The Legal Services Board’s (LSB) consumer body has come out strongly in favour of making it compulsory that the chairs of the frontline regulators are not drawn from the profession, saying it would help counter conservatism in liberalising the legal market.
The Legal Services Consumer Panel (LSCP) admitted its views on the issue had hardened since the previous policy change that insisted lay majorities sit on the regulators’ boards, and argued lay chairs – as proposed in an LSB consultation – could both bolster public trust in lawyers and counter conservative attitudes in the profession towards market reform.
It observed that since the Legal Services Act’s reforms sought to “put consumers at the heart of regulation”, there had been a backlash against a perceived ‘cult of consumerism’ which reflected “resistance to the influence of market forces on the law and a false perception of a clash of values between the consumer interest and professionalism”.
Having a lay person at the head of the regulators could “strengthen the independence of regulation from the profession”. It noted that chairs are of the “public face” of regulators and have “a key influence on their strategic direction, culture and operation”.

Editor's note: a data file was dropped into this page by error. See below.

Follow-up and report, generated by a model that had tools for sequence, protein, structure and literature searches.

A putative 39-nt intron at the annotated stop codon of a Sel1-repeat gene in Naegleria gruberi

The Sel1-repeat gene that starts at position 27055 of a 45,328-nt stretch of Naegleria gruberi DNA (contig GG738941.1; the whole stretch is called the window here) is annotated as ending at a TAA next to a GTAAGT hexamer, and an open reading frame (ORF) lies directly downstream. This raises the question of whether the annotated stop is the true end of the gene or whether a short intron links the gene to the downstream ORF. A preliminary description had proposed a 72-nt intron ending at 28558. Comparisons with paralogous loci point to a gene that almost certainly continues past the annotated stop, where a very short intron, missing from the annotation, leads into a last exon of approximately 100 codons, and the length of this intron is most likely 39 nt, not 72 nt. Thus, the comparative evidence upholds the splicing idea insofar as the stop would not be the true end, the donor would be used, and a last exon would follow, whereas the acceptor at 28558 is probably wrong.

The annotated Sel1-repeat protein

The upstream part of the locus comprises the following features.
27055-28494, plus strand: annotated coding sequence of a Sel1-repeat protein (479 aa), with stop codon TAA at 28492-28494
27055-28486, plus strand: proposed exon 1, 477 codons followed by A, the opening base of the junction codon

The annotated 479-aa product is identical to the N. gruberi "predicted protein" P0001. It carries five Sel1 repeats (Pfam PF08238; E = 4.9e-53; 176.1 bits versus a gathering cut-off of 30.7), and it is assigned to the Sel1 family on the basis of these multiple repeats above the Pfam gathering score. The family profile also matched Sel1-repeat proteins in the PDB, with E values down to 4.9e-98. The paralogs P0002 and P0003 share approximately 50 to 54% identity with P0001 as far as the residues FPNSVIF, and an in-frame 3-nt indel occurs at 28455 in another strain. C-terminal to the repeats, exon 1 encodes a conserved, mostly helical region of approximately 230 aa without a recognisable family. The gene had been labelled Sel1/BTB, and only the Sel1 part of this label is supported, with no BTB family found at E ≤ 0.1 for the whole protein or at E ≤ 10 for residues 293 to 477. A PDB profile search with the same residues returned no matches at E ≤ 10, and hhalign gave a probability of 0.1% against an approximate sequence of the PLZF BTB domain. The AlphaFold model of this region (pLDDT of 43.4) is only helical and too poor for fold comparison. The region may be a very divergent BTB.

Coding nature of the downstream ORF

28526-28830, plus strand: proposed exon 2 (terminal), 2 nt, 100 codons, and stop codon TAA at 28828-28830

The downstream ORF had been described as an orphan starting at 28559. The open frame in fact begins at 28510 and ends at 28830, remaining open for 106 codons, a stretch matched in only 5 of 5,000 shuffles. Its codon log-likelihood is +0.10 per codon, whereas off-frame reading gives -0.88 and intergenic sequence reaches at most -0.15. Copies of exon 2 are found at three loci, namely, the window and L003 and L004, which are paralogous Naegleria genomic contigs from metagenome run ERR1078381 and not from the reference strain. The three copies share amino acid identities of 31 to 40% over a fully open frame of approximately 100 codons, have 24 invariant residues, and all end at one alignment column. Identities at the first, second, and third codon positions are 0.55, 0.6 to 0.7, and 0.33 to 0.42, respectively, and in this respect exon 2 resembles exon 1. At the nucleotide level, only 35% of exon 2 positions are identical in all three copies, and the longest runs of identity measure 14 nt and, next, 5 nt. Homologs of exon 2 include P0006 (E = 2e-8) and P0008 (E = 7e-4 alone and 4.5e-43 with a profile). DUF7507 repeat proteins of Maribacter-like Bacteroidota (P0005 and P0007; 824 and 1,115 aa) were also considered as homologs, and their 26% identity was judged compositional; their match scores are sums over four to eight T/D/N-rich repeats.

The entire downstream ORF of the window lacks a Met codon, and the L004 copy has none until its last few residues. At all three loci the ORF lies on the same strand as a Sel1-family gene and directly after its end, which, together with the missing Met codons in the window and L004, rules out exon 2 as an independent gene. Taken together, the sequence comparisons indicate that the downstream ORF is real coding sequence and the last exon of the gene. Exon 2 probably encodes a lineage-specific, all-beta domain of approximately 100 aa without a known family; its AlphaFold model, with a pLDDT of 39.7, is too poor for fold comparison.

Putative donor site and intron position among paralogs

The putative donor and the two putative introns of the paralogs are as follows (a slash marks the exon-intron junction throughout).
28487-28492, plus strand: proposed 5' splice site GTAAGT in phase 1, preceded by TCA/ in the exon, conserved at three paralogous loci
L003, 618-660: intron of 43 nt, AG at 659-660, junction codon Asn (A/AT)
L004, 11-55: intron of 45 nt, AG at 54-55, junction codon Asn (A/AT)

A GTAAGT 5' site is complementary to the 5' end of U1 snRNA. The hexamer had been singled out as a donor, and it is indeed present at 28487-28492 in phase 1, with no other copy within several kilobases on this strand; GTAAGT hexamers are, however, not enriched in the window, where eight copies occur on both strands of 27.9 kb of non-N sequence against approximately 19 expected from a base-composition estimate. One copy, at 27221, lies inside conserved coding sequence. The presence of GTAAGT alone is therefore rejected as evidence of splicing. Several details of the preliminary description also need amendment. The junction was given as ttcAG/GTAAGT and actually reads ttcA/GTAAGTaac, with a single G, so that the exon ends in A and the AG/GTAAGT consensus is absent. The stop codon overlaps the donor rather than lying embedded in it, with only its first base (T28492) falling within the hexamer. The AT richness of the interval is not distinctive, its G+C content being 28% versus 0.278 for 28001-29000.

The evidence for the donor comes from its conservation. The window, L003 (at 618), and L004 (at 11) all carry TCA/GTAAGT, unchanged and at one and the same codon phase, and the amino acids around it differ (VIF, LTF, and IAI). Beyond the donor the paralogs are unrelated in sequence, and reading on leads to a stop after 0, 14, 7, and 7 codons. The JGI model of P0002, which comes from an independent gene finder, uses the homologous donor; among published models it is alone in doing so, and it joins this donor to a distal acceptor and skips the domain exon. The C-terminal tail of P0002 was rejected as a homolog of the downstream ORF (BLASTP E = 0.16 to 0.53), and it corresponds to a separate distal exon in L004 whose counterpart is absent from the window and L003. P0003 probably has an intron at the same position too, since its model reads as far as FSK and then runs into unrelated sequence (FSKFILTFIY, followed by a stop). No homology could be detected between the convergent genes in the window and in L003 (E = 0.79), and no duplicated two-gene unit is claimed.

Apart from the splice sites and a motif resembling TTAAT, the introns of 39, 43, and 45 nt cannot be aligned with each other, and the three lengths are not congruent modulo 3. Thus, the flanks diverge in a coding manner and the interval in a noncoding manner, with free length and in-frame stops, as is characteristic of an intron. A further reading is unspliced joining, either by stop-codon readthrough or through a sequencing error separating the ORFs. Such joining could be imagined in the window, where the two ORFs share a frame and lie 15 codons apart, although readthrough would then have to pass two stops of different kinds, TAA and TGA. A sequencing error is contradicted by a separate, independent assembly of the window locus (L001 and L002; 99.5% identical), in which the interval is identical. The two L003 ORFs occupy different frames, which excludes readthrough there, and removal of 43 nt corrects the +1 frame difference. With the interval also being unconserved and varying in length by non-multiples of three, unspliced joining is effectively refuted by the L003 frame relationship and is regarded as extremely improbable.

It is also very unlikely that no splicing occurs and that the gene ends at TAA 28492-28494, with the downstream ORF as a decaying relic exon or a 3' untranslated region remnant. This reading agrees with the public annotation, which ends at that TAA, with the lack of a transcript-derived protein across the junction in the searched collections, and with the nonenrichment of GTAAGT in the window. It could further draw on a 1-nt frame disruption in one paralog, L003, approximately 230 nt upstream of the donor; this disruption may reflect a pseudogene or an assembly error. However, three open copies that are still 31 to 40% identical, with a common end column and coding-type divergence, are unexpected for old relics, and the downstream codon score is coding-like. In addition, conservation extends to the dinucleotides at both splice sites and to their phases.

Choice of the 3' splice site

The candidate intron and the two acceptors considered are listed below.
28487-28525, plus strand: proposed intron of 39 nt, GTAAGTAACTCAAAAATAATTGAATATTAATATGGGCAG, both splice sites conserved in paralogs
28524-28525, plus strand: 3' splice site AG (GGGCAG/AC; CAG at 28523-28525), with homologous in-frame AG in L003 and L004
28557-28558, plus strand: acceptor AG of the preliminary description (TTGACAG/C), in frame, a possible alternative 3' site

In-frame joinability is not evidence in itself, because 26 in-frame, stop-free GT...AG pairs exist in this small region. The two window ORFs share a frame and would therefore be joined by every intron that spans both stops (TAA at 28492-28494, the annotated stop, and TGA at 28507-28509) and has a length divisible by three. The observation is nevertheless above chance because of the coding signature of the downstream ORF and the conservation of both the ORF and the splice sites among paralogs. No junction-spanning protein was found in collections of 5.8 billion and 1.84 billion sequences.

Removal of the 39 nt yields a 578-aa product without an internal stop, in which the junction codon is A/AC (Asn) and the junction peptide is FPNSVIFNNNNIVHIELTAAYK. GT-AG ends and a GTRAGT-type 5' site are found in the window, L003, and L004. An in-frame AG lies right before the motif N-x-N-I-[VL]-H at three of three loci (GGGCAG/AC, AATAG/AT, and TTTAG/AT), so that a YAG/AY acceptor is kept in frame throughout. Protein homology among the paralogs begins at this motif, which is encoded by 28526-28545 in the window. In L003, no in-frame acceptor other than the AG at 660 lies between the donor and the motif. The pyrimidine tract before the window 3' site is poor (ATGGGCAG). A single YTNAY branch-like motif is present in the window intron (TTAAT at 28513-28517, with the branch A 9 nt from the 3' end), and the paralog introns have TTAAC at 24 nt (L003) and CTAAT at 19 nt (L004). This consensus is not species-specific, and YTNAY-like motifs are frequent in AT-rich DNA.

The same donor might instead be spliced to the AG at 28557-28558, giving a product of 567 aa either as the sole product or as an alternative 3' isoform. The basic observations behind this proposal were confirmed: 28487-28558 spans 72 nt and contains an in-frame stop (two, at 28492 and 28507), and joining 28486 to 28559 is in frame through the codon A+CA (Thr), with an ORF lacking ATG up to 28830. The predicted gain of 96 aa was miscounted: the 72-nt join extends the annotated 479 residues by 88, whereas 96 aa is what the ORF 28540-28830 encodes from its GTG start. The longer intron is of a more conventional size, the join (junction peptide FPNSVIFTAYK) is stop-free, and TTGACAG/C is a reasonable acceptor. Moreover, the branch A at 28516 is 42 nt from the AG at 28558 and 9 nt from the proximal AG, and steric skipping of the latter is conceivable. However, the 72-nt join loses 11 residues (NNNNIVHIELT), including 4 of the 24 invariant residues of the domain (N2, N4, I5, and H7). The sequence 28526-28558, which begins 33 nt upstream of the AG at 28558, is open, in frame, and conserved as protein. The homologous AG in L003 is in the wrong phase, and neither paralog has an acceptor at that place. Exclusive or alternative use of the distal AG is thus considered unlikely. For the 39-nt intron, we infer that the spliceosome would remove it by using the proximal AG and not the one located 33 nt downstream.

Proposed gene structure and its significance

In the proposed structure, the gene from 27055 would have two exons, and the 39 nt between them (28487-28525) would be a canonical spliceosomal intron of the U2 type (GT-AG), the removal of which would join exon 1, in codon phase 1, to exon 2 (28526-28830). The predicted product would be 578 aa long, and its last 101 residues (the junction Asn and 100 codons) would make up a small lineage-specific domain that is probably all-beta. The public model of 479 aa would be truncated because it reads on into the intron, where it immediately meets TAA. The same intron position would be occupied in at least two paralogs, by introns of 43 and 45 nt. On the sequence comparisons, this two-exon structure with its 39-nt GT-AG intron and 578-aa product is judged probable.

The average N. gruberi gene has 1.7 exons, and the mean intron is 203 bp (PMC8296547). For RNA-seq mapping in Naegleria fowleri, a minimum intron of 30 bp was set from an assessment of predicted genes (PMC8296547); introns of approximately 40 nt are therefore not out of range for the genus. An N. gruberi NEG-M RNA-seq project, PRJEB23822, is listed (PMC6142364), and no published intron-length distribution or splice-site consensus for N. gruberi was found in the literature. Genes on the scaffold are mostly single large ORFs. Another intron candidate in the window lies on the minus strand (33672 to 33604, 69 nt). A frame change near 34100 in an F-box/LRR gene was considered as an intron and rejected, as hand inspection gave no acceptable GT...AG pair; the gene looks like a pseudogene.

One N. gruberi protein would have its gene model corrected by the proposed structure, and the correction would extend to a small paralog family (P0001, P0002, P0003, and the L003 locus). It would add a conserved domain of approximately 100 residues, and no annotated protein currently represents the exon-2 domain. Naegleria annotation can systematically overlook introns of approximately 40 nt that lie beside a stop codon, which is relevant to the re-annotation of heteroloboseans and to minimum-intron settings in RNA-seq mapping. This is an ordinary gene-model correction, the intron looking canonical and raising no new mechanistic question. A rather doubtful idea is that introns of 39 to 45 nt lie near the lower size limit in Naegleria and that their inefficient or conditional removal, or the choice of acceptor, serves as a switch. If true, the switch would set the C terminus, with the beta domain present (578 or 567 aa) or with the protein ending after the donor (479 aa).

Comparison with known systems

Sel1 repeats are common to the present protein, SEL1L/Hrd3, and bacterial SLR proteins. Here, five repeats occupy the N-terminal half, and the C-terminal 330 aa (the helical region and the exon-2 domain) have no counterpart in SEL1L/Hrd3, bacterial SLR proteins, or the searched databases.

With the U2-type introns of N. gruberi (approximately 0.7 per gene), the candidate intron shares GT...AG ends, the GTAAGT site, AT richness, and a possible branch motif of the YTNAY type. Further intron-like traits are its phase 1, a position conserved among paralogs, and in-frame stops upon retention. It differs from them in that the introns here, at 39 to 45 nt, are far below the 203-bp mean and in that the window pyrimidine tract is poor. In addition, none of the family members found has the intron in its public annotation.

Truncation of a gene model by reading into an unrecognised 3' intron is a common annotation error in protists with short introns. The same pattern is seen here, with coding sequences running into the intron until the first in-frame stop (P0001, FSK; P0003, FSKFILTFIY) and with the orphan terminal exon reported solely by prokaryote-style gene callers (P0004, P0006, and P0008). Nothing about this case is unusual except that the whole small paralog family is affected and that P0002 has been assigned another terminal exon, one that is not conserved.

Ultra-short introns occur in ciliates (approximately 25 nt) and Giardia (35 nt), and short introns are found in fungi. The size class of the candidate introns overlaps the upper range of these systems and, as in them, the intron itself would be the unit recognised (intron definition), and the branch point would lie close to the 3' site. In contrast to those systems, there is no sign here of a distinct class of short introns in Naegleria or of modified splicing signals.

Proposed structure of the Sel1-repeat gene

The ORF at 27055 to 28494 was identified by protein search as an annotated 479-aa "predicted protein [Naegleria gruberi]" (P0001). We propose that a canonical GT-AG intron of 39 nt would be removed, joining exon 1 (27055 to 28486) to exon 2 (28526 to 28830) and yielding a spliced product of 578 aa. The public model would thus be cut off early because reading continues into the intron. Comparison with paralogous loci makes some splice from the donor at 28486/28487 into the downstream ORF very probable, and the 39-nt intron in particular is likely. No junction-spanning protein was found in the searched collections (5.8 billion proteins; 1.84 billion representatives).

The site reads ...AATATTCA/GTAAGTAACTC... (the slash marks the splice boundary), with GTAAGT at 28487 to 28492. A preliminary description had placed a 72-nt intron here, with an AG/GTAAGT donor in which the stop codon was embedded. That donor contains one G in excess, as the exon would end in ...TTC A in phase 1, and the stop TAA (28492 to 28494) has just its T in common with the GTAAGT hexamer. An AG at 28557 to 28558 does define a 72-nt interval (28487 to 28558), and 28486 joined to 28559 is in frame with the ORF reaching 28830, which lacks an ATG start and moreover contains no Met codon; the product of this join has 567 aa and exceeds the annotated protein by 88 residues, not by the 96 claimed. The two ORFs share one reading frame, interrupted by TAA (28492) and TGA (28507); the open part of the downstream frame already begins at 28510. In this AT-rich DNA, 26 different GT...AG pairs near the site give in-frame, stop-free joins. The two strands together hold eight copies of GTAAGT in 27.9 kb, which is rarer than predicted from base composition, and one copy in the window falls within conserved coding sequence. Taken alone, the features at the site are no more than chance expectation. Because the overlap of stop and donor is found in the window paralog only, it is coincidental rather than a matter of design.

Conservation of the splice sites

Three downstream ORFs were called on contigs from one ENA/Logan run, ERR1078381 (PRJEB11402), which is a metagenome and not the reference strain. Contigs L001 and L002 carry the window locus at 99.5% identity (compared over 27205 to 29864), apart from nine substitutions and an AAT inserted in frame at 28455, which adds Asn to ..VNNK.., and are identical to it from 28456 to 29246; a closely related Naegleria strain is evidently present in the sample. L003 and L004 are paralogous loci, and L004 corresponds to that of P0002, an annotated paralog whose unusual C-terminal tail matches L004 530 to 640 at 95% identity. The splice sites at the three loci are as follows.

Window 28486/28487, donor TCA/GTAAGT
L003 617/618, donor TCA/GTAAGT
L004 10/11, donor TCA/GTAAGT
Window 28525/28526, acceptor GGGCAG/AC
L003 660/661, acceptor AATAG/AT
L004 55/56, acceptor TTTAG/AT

Despite some progress, an “innate conservatism” persisted “towards legal services as a market” and because chairs have a “formative influence on key decisions”, they could counter decisions made by boards that were well-intentioned but “inevitably… shaped by attitudes and beliefs stemming from the professional backgrounds of their members”.
The panel continued: “Measures that protect a profession from competition can be made subconsciously and reflect a genuine belief that the controls are necessary to safeguard standards.”
It highlighted what it viewed as foot-dragging by regulators: “The panel recognises that some significant changes have been introduced since 2007, but some of these – for example, changes to codes of conduct – have not been as radical as we had wished.”
It drew attention to its own tracker survey which showed that public trust had fallen from 47% to 42% between 2011 and 2013 and LSB-commissioned research which identified a public perception that “lawyers stick together” when it came to complaints against them.
“Lay chairs could bolster public confidence that regulation is working in their interests, in an environment where low public trust of lawyers is partly due to a perception they are a law unto themselves and complaints would not be considered fairly,” the panel said.
The move to lay chairs should come into force in time for the recruitment rounds for the Solicitors Regulation Authority and the Bar Standards Board, it argued. The terms of office of their respective chairs, Charles Plant and Baroness Ruth Deech, are due to finish at the end of 2014.
The panel insisted the LSB should apply a lay chairs policy to all the approved regulators and not just those with representative bodies. It should be applied to the Master of Faculties and the Council for Licensed Conveyancers, which the LSB had proposed exempting. “The LSB should be consistent in its treatment of all the frontline legal services regulators”, it argued.